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Old 09-08-2019, 11:46 PM   #1
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Dometic Fridge Check Light

Hi all,

Iím trying to trouble shoot an issue we have been having with our Dometic fridge in our 2019 19ft. During the last few trips we have been camping off the grid, therefore running the fridge on propane.

It has runs perfectly well throughout the day however at some point during each night the fridge turns off. In the morning when we get up the control panel has the ďcheckĒ light illuminated.

I understand that the check light typically indicates that the fridge attempted to ignite however it wasnít successful. The only thing common denominator that I can link it to is most of the nights do have a min of 10 mph wind and at some point during the evening the furnace kicks on. My thought is the pilot light gets blow out or the fridge gets overloaded with the furnace running as well.

I wanted to see if anyone has experienced a similar issue?
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Old 09-09-2019, 02:59 AM   #2
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The refrigerator doesn't have a pilot light, but wind preventing ignition does seem like a likely candidate to me.

It shouldn't be a propane supply problem, since the furnace works and the propane system is intended to be able to provide far more than these appliances need. On the other hand, propane regulators can have problems at low temperatures.
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Old 09-09-2019, 05:32 AM   #3
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What elevation are you camping? We had the same problem above 8,000 feet during a recent trip to Colorado. Our solution was to remove all the outside guards to provide more oxygen to the flame.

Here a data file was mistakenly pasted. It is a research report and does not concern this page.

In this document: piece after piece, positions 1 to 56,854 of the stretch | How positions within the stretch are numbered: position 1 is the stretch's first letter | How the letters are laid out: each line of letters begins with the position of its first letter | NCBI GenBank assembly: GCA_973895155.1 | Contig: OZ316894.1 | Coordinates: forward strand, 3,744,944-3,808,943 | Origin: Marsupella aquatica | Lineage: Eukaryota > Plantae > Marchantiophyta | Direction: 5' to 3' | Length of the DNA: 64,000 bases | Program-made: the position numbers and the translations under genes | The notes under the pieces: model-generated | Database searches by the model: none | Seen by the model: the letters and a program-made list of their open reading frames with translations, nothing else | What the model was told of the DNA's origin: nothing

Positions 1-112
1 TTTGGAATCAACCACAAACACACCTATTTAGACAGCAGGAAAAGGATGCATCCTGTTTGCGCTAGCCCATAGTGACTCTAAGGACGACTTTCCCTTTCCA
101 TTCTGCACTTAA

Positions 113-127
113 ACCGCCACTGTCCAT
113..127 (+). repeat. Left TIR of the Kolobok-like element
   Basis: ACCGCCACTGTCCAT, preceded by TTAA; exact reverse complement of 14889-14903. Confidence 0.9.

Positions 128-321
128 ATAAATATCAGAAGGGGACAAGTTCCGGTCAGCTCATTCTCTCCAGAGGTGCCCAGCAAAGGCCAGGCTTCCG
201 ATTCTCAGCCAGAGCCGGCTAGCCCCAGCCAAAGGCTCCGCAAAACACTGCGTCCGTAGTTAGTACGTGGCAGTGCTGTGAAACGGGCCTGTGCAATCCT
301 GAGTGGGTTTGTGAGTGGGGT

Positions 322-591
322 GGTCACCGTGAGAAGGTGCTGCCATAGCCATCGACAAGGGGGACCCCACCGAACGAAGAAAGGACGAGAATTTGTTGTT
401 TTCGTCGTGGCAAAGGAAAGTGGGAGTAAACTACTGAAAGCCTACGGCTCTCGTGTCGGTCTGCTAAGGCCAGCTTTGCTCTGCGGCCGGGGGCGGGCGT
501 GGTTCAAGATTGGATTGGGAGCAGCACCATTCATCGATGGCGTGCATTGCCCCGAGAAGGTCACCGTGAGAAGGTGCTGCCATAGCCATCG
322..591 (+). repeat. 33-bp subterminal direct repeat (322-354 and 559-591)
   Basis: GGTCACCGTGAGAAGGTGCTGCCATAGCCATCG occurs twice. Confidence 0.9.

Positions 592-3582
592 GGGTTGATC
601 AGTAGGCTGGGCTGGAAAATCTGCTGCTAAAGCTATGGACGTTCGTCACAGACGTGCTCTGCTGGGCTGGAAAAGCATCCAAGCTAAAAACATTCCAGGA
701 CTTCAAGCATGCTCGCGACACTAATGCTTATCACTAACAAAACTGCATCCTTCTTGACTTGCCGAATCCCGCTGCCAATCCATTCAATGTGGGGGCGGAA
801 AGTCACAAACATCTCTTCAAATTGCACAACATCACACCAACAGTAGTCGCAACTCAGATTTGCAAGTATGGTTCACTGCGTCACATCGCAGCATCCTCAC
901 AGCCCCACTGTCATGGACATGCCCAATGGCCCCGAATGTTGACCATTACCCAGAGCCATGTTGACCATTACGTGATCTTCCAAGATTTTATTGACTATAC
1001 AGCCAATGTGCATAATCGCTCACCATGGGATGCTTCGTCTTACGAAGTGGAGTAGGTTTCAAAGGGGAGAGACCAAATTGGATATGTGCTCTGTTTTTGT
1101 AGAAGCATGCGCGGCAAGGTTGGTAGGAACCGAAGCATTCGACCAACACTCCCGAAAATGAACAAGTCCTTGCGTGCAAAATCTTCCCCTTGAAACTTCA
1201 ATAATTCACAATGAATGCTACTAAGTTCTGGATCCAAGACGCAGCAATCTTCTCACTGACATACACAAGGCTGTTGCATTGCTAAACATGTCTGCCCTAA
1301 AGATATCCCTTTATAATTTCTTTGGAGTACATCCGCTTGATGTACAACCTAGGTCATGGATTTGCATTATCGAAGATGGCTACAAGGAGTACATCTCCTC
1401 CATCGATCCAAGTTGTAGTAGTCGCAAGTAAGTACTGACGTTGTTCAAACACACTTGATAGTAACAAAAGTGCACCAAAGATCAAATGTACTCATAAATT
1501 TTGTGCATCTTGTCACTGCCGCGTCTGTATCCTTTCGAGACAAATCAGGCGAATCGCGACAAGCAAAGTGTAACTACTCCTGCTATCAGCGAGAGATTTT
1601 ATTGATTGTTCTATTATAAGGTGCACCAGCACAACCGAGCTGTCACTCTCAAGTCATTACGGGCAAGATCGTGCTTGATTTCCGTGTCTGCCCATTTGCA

Dometic refrigerators are designed to operate below 8,000 feet. It's published in their technical support pages. If you are going to be camping above these elevations often, I would get the trailer into a service dealer and have the air/gas ratio adjusted. The amount of air needs to be increased because of the thin air.
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Old 09-09-2019, 07:13 AM   #4
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Also make sure your optional refer fan is not on.
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Old 09-09-2019, 09:38 AM   #5
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Could it be low propane pressure? Caused by faulty propane regulator (if that’s the right word)? Perhaps when the furnace comes on, the propane pressure drops to a level which triggers the check light?

BTW... We live at 8,300’ elevation in the Colorado Rockies, and haven’t had problem running both the furnace or frig on propane camping as high as 10,000’. At that elevation, the furnace fumes smell a bit like it’s running “rich”, but everything still works. And we have not re-jet’d either appliance, since we also camp as low as below sea level in the California desert!
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Old 09-09-2019, 02:42 PM   #6
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You're lucky. Elevation doesn't affect everyone. Some installations have no problems even in the high rocky mountains. Dometic does state that they are designed to operate up to 8,000 feet of elevation. Above that you probably will need to have the flame adjusted.
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Old 09-09-2019, 03:48 PM   #7